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Big tuna is a big deal.
It's an $11 billion global market. And in the U.S., 80 percent of the tuna market share is dominated by three companies: StarKist, Bumble Bee, and Chicken of the Sea.
Although the companies maintain that there is nothing fishy to see there, StarKist just pleaded guilty to price-fixing with their competitors, who have also had to come clean over the same. Unfortunately for StarKist, the company may be in for the worst wrist slapping out of the three, and maybe a real apology for Charlie this time.
If you're a fan of canned tuna, you probably noticed that prices have risen over the last several years. This is due in part to the rising popularity of sushi worldwide increasing the demand for premium tuna, but also due to the rising popularity of canned tuna in markets across the world, such as several in Central and South American, that haven't traditionally been major consumers of tuna.
However, while the demand for tuna stagnated in the U.S. market, the big tuna companies came up with a way to increase their domestic revenues: price fixing. Unfortunately, when Chicken of the Sea's attempt to buy Bumble Bee failed, Chicken of the Sea notified investigators in exchange for leniency.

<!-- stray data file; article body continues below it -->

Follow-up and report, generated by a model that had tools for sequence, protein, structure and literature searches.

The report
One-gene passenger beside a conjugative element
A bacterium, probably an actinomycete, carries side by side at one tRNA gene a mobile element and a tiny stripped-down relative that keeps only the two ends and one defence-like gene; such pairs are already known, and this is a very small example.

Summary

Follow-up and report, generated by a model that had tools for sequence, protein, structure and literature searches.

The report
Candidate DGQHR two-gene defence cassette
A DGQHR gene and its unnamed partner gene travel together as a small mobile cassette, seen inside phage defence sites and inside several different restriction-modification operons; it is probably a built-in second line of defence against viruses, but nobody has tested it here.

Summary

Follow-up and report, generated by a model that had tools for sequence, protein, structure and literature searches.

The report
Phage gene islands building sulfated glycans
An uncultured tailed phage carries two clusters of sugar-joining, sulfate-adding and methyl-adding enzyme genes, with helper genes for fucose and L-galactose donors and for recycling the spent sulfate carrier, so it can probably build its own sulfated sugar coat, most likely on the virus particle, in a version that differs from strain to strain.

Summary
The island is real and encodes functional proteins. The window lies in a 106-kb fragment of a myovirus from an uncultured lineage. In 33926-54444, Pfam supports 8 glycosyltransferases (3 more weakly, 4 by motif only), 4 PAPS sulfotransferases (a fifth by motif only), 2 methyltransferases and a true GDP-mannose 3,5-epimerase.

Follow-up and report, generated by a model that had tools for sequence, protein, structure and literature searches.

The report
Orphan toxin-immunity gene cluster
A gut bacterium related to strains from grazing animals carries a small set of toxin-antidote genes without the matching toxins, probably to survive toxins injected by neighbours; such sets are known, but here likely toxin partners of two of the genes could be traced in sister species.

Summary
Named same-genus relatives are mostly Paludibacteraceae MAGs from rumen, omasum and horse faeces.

Bumble Bee ended up pleading guilty and receiving a $25 million fine, payable over 5 years, interest-free. Although prosecutors sought over $100 million, it was noted that the company would have gone out of business. StarKist isn't expected to get such a sweetheart deal, and like the other companies, is also facing lawsuits from retailers and other groups related to the price fixing scheme.
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